With the seemingly endless stream of news about job cuts in recent weeks, you may be wondering about your own job security. How would you get by if you were suddenly out of work?
For the uninitiated, filing for unemployment may conjure images of standing in long lines to fill out forms, but that's not the case.
Eligibility and compensation vary by state, but a few general guidelines apply across the board. Most states, for instance, now require people to apply for benefits online or by phone.
That may make filing easier for the freshly out-of-work. More than 1.9- million jobs have been lost since a year ago. Last month, the unemployment rate jumped to 6.7 percent, and 10.1-million people are now looking for work. In November alone, 533,000 jobs were lost, the most single-month loss in 34 years. Next year isn't looking any better, with the rate expected to climb to 8.5 percent or higher.
Here are some questions and answers about how to make the most of your unemployment benefits.
Q: Am I eligible?
A: Most employees who lost their jobs through no fault of their own are eligible. If you were fired for misconduct or quit, don't bother applying.
In certain circumstances, resigning isn't a deal-breaker. One example is if you left your job because your spouse was relocated.
"It depends on the case, but it has to be for a compelling reason," said Rick Marino, director of unemployment insurance in New York state.
You may be eligible even if you take a company buyout, as long as there was a likelihood you would have been laid off otherwise, Marino said.
Each state also has its own eligibility criteria based on how long you worked and how much money you earned before being laid off. Generally, anyone who worked full time for a year will likely qualify — and sometimes the minimum is shorter than that.
Q: When do I need to file?
A: Filing quickly is in your best interest.
The value of your unemployment check is generally determined by a "base period." That means your earnings in the months leading up to your filing will be used to calculate your benefits.
If you wait too long to file, you may be averaging in time where you didn't earn any money, which could potentially lower your benefits.
Some states have "alternative base periods" or other loopholes to prevent delayed filings from affecting benefits. But to avoid any confusion, it's best to file quickly.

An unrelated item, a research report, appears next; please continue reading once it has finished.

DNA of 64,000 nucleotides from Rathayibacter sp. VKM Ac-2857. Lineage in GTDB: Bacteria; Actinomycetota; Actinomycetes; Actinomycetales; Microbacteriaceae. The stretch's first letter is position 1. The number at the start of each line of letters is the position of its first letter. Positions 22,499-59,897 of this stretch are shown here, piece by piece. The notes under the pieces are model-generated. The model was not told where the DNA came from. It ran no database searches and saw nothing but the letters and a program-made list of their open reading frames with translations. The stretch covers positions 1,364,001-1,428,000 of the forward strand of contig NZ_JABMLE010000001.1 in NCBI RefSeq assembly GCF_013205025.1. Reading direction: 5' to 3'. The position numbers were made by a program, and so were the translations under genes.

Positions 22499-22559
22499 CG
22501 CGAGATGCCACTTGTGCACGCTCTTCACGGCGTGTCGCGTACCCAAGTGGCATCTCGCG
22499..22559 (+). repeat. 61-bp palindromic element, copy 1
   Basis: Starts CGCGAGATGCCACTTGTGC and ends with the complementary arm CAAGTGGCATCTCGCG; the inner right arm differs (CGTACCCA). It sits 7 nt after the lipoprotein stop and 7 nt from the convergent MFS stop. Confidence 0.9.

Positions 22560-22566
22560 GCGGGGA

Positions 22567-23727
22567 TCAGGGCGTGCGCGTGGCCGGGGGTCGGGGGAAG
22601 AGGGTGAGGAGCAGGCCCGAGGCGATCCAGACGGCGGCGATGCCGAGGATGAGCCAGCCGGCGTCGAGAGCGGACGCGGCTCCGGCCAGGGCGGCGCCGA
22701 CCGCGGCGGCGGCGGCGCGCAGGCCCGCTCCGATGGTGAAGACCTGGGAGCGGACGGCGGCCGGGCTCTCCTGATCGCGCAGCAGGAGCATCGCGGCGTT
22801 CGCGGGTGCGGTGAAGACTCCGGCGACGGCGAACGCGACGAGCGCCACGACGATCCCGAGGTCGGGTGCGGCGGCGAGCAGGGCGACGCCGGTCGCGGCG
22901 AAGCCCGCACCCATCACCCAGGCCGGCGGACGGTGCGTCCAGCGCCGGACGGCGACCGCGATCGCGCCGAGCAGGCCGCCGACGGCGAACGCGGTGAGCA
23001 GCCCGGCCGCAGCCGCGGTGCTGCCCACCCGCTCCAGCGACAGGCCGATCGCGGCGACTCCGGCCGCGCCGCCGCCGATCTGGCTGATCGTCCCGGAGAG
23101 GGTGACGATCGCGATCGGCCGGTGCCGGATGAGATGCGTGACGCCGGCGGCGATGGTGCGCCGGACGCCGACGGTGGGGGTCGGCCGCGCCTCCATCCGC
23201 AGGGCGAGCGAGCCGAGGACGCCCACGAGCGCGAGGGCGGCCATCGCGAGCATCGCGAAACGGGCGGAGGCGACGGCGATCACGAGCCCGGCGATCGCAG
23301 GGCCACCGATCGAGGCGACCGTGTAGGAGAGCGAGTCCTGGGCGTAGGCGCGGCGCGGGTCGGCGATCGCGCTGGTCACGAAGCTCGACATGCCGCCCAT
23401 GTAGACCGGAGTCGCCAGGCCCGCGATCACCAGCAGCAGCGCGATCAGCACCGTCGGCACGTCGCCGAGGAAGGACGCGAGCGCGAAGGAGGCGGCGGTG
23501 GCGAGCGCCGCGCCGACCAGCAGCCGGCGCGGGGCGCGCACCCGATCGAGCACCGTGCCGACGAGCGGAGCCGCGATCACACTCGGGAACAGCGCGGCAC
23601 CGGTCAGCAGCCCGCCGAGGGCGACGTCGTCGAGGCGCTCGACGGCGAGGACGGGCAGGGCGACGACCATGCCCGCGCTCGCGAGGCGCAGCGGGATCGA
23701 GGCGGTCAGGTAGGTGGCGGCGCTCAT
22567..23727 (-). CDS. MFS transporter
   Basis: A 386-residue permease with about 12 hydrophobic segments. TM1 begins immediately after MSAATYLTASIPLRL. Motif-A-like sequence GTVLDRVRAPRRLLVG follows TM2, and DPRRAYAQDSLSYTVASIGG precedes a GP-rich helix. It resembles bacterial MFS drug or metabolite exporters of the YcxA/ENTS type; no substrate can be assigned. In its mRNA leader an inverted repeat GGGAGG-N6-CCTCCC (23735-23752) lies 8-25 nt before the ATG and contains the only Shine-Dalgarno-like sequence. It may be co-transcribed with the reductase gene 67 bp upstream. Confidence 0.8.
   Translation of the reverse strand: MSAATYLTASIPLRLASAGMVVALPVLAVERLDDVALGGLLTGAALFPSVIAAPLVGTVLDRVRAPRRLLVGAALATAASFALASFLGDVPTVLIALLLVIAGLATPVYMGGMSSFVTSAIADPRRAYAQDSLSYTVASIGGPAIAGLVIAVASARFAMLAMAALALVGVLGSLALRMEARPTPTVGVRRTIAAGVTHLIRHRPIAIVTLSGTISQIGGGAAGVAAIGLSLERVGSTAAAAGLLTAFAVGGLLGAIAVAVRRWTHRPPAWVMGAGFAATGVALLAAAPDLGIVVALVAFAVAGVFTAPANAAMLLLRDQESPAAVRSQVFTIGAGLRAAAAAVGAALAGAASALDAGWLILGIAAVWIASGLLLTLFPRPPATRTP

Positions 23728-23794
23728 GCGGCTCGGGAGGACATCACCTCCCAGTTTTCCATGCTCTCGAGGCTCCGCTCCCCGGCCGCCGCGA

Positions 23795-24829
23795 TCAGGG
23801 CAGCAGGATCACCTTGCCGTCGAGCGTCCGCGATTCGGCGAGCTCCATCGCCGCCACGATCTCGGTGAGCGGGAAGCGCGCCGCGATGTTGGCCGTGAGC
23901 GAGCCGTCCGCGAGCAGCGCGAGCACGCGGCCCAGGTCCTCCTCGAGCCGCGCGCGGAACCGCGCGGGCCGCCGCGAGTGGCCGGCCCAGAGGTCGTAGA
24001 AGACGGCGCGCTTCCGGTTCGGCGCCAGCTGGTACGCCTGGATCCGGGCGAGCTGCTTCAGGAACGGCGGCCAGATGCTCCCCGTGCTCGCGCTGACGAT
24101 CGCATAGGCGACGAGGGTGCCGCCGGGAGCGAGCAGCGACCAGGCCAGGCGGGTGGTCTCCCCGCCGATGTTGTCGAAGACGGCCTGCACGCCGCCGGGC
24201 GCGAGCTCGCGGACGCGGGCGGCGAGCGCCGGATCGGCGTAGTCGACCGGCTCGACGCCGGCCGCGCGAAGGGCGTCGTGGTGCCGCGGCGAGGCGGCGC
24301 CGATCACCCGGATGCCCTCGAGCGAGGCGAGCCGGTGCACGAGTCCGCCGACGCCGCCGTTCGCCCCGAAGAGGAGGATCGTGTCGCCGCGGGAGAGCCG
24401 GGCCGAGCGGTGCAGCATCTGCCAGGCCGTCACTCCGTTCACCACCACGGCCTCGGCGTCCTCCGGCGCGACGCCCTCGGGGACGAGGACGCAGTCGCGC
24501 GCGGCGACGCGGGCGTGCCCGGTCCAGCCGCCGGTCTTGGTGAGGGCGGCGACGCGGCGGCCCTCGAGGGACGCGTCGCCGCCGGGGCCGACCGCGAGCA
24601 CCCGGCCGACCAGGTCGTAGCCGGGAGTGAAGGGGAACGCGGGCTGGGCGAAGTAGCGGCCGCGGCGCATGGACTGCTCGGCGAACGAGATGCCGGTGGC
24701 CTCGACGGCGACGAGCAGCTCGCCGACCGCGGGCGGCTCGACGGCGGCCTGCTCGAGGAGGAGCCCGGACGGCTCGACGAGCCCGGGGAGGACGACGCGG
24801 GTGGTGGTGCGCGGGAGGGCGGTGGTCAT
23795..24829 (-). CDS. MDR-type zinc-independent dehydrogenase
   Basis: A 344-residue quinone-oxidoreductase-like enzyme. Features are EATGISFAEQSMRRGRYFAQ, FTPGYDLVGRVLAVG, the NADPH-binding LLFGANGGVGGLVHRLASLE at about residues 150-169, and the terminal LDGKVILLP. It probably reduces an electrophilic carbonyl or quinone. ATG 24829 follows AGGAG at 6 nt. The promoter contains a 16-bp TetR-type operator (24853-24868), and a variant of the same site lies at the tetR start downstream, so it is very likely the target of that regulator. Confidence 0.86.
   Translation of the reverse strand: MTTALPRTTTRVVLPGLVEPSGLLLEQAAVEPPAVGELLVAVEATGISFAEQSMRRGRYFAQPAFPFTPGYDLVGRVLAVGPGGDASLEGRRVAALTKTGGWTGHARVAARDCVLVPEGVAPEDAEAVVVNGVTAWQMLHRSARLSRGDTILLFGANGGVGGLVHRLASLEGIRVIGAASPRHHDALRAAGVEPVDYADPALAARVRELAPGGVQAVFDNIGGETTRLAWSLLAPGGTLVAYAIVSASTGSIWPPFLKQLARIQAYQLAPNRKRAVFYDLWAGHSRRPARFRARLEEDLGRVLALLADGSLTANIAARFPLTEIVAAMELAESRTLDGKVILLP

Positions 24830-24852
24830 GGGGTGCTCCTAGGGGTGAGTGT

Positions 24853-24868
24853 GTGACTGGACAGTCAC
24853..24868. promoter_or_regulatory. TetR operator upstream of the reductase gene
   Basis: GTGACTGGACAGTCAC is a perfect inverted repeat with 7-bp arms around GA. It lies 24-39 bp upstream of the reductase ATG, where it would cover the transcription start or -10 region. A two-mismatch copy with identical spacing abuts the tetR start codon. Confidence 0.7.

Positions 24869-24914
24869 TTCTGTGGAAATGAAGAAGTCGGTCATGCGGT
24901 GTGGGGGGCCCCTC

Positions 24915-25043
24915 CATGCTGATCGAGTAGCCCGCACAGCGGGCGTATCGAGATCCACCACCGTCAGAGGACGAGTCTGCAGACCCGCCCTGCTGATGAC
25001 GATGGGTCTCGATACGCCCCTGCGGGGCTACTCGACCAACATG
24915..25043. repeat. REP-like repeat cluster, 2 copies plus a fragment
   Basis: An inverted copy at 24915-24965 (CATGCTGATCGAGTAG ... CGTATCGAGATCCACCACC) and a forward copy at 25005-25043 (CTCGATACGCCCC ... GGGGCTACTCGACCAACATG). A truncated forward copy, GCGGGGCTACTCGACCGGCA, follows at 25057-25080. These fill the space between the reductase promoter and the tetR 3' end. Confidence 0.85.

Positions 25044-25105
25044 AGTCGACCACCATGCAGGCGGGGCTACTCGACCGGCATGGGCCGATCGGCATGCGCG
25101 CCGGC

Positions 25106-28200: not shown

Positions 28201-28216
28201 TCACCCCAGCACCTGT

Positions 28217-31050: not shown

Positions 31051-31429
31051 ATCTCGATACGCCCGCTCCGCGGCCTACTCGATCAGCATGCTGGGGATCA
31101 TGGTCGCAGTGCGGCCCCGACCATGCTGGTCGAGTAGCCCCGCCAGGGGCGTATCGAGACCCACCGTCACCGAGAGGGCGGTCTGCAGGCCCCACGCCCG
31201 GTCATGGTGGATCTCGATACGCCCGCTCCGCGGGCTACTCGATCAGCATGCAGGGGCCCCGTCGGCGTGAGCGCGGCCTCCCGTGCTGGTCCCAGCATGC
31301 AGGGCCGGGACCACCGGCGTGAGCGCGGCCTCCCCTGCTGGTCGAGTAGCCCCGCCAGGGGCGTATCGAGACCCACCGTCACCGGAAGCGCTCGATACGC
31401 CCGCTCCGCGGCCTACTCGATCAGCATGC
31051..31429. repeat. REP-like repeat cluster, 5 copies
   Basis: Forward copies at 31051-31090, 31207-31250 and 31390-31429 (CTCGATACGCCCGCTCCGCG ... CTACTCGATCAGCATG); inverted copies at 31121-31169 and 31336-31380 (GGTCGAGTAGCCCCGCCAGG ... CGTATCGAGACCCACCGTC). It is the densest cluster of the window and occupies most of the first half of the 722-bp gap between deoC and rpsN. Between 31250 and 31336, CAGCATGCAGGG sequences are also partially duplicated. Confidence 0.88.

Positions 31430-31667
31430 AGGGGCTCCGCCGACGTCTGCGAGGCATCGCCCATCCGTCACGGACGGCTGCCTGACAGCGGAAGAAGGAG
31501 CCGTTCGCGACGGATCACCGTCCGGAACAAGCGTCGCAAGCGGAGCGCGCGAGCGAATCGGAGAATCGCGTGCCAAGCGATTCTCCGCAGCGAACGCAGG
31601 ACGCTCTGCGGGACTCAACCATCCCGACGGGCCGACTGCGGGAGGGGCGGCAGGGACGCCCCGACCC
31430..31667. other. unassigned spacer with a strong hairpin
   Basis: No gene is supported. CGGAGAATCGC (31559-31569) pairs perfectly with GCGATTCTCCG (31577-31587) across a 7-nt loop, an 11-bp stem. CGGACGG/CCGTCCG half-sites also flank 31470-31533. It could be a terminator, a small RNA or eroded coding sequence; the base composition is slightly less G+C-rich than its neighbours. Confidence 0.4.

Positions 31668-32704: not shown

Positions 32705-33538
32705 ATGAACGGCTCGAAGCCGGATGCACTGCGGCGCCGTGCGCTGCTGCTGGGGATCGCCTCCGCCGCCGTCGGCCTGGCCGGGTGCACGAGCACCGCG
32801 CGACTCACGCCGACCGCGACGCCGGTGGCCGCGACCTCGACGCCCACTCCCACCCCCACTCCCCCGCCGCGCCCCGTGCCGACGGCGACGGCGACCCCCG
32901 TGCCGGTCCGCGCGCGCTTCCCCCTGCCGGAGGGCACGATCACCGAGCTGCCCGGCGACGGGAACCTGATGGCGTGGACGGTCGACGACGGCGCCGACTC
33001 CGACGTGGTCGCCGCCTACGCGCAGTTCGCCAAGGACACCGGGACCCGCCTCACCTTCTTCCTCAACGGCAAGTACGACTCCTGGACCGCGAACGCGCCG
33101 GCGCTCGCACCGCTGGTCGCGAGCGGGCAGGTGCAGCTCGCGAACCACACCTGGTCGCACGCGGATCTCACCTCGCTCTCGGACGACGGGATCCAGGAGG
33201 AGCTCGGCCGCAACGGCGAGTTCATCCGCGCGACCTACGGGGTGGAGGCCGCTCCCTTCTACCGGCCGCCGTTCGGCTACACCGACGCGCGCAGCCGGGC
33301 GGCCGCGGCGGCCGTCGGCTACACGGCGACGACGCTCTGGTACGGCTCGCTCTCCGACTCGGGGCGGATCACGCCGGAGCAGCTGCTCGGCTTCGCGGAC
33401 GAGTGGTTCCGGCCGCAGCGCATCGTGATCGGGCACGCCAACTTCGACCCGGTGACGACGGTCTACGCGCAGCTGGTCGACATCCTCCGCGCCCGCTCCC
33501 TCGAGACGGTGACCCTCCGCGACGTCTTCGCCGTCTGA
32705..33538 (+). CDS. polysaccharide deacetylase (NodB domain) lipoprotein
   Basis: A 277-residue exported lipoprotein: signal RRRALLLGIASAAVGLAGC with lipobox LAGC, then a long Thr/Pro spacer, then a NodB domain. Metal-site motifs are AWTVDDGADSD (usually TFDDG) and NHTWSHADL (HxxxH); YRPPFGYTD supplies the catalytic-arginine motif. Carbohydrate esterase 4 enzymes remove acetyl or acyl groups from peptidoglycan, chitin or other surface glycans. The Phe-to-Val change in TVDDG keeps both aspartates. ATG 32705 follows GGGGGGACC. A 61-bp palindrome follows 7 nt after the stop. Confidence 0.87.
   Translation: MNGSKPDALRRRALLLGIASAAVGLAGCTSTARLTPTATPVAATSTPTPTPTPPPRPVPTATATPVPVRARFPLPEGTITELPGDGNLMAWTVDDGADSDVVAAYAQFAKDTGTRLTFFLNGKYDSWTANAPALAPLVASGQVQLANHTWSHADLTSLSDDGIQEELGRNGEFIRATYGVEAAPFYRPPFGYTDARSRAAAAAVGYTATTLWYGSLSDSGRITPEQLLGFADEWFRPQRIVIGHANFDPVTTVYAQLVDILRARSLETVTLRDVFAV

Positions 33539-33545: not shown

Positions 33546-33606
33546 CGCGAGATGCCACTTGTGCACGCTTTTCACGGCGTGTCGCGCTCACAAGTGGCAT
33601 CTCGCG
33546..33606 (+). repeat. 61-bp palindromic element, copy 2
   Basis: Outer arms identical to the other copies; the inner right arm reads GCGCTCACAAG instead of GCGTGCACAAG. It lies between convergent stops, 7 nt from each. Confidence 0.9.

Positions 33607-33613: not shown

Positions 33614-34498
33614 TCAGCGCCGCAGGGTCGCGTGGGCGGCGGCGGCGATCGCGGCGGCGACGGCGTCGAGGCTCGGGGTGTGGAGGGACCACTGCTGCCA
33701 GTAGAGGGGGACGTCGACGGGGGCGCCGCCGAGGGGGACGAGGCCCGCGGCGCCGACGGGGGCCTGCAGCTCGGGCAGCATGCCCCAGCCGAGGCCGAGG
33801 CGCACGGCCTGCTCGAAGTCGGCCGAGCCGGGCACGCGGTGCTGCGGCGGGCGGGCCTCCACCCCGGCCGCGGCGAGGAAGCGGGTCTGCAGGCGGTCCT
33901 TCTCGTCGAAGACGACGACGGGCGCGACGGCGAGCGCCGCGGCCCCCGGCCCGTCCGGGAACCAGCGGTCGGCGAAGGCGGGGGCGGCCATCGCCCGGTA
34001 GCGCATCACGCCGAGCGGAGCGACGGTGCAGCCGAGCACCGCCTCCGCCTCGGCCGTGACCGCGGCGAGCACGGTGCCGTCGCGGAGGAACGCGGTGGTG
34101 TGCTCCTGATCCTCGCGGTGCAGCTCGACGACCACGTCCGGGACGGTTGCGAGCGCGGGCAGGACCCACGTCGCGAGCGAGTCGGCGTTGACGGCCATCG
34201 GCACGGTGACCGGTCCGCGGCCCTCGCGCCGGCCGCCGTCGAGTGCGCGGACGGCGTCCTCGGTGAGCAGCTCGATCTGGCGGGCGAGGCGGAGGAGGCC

Q: How do I file?
A: If you commute to work in another state, file for benefits where your employer is located, not where you live.
Most states now require people to file for benefits by phone or online, said Andrew Stettner, deputy director of the National Employment Law Project in New York.
Information you'll need when filing might include:
• Your Social Security number.
• Registration number for former employers (this can be found on your W-2 tax forms).
• Dates and places where you worked in the past 12 to 18 months (not just your most recent employer).
After filing, you'll need to check in weekly or biweekly to continue getting benefits. That usually involves answering automated questions online or by phone about your ongoing job search.
Q: How much will I get?
A: On average, states replace 50 percent of wages, with a cap on how much you can get.
In California, for instance, the maximum weekly benefit is $450, regardless of how much you earned. Florida's cap is $275 while Hawaii's is $523.
Most states also provide additional funds for dependents, usually a fixed sum.
In Massachusetts, for instance, the allowance is $25 per dependent.
Benefits can usually be paid through direct deposit, said Thomas Golden, director at Cornell University's ILR School, which focuses on labor policy and issues.
Q: How long can I collect benefits after filing?
A: Benefits typically last for up to 26 weeks. This summer, the federal government temporarily extended benefits for up to 13 additional weeks because of the worsening economic climate. The extension applies to anyone who exhausted benefits in the past two years or files through March, Stettner said.
President Bush signed legislation last month to extend benefits into the new year for Americans whose benefits were running out. The House had approved the bill in October, and the Senate followed suit last month.
All told, benefits can be collected over a 52-week period after filing. So if you find temporary work, you can resume collecting benefits once that job ends.
Q: What else can my unemployment agency do for me?
A: As a result of the Workforce Investment Act of 1998, states are required to provide one-stop centers that provide job search, training and referral services.
In New York, for instance, workshops include Excel and PowerPoint lessons and occupational training classes.
Employment centers usually have free Internet and phones to help people with their job search too.
Q: Do I lose benefits if I turn down a job?
A: If your unemployment agency matches you with a job and you turn it down, you may be disqualified for benefits. Stettner of the National Employment Law Project said it is rare to be denied benefits because of refusal to work.
He also noted that job matches are most common for lower-wage or entry-level positions.